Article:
The development of biophysics was also helped along by the study of how information is transmitted within the human body and in other animals. Impulses within nerve cells transmit information. This activity was not well understood until scientists researched the area with mathematical modeling methods, electronics such as computers, and electrochemistry. Today, biophysics is involved, for instance, with nanotechnology, the study and development of technologies at the scale of a nanometer (or one-billionth the length of one meter). Quantum physics (theoretical physics at the atomic and subatomic levels) has been used in such studies, which gives an idea just how far biophysics has developed since its beginning in World War II.

See also Computerized axial tomography; Laser; Microscopy; Nanotechnology.

Cite this article
Pick a style below, and copy the text for your bibliography.

  • MLA
  • Chicago
  • APA

"Biophysics." The Gale Encyclopedia of Science. . Encyclopedia.com. 21 Nov. 2018 <https://www.encyclopedia.com>.

"Biophysics." The Gale Encyclopedia of Science. . Encyclopedia.com. (November 21, 2018). https://www.encyclopedia.com/science/encyclopedias-almanacs-transcripts-and-maps/biophysics

"Biophysics." The Gale Encyclopedia of Science. . Retrieved November 21, 2018 from Encyclopedia.com: https://www.encyclopedia.com/science/encyclopedias-almanacs-transcripts-and-maps/biophysics

Learn more about citation styles

Citation styles

Encyclopedia.com gives you the ability to cite reference entries and articles according to common styles from the Modern Language Association (MLA), The Chicago Manual of Style, and the American Psychological Association (APA).

Within the “Cite this article” tool, pick a style to see how all available information looks when formatted according to that style. Then, copy and paste the text into your bibliography or works cited list.

Because each style has its own formatting nuances that evolve over time and not all information is available for every reference entry or article, Encyclopedia.com cannot guarantee each citation it generates. Therefore, it’s best to use Encyclopedia.com citations as a starting point before checking the style against your school or publication’s requirements and the most-recent information available at these sites:

Modern Language Association

http://www.mla.org/style

The Chicago Manual of Style

http://www.chicagomanualofstyle.org/tools_citationguide.html

American Psychological Association

http://apastyle.apa.org/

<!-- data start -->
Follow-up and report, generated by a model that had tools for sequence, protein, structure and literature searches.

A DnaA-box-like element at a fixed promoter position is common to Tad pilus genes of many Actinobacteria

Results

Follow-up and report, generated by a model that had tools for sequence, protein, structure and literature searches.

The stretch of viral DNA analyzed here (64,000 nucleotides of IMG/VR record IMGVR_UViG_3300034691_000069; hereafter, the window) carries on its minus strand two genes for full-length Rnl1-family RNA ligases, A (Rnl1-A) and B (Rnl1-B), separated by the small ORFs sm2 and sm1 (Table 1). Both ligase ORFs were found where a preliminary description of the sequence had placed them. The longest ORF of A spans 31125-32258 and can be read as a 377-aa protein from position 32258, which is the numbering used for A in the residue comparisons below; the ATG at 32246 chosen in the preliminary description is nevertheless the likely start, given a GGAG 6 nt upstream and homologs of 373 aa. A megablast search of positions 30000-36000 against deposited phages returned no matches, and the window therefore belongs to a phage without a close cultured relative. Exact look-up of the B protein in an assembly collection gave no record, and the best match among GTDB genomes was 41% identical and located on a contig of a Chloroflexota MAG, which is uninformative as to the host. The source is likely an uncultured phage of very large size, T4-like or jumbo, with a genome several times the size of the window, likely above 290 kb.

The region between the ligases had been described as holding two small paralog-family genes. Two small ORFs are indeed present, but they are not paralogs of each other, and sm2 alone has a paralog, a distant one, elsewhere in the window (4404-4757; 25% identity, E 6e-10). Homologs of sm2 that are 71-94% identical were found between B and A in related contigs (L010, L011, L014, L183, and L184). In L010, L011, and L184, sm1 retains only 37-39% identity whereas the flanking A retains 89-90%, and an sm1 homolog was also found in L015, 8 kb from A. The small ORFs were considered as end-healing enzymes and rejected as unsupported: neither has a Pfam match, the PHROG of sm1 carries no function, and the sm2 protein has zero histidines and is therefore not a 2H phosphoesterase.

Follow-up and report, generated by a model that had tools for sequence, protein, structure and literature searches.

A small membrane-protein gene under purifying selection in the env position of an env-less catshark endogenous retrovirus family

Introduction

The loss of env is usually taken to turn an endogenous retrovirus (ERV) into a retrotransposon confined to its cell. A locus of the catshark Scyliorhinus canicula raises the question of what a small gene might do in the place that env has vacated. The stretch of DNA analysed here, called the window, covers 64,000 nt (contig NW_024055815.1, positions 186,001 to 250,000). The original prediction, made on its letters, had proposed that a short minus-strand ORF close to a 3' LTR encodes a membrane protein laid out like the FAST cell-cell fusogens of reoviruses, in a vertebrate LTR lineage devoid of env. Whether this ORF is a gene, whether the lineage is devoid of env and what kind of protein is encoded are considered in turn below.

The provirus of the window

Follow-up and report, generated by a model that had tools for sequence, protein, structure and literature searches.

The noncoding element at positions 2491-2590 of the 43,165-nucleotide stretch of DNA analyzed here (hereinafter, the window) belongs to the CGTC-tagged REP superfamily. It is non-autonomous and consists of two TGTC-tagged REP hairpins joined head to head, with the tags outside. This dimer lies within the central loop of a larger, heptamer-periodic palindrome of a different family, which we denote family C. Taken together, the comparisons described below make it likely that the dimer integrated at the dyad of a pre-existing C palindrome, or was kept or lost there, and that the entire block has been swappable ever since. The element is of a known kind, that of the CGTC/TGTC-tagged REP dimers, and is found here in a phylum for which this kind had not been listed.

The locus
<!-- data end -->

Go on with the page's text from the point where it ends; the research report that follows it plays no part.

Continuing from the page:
Notes:
  • Most online reference entries and articles do not have page numbers. Therefore, that information is unavailable for most Encyclopedia.com content. However, the date of retrieval is often important. Refer to each style’s convention regarding the best way to format page numbers and retrieval dates.
  • In addition to the MLA, Chicago, and APA styles, your school, university, publication, or institution may have its own requirements for citations. Therefore, be sure to refer to those guidelines when editing your bibliography or works cited list.

Biophysics

Biophysics

Biophysics is the integration and application of the principles of physics to explain and explore the form and function of living things. The most familiar examples of the role of physics in biology are the use of lenses to correct visual defects and the use of x rays to reveal the structure of bones. Principles of physics have been used to explain some of the most basic processes in biology such as osmosis , diffusion of gases, and the function of the lens of the eye in focusing light on the retina.

The understanding that living organisms obey the laws of physics as non-living systems do has had profound effects on the study of biology. The discovery of the relationship between electricity and muscle contraction by Luigi Galvani, an eighteenth-century physician, initiated a field of research that had continued to give information about the nature of muscle contraction and nerve impulses. It has led to the development of such instruments and devises as the electrocardiograph, electroencephalograph, and cardiac pacemaker . Medical technology in particular has benefited from the association of physics and biology. Medical imaging with 3-D diagnostic techniques such as computer tomographic (CAT) scanning, magnetic resonance imaging and positron emission tomography have permitted researchers to look inside living things without disrupting life processes. Today, lasers and x rays are routinely used in medical treatments.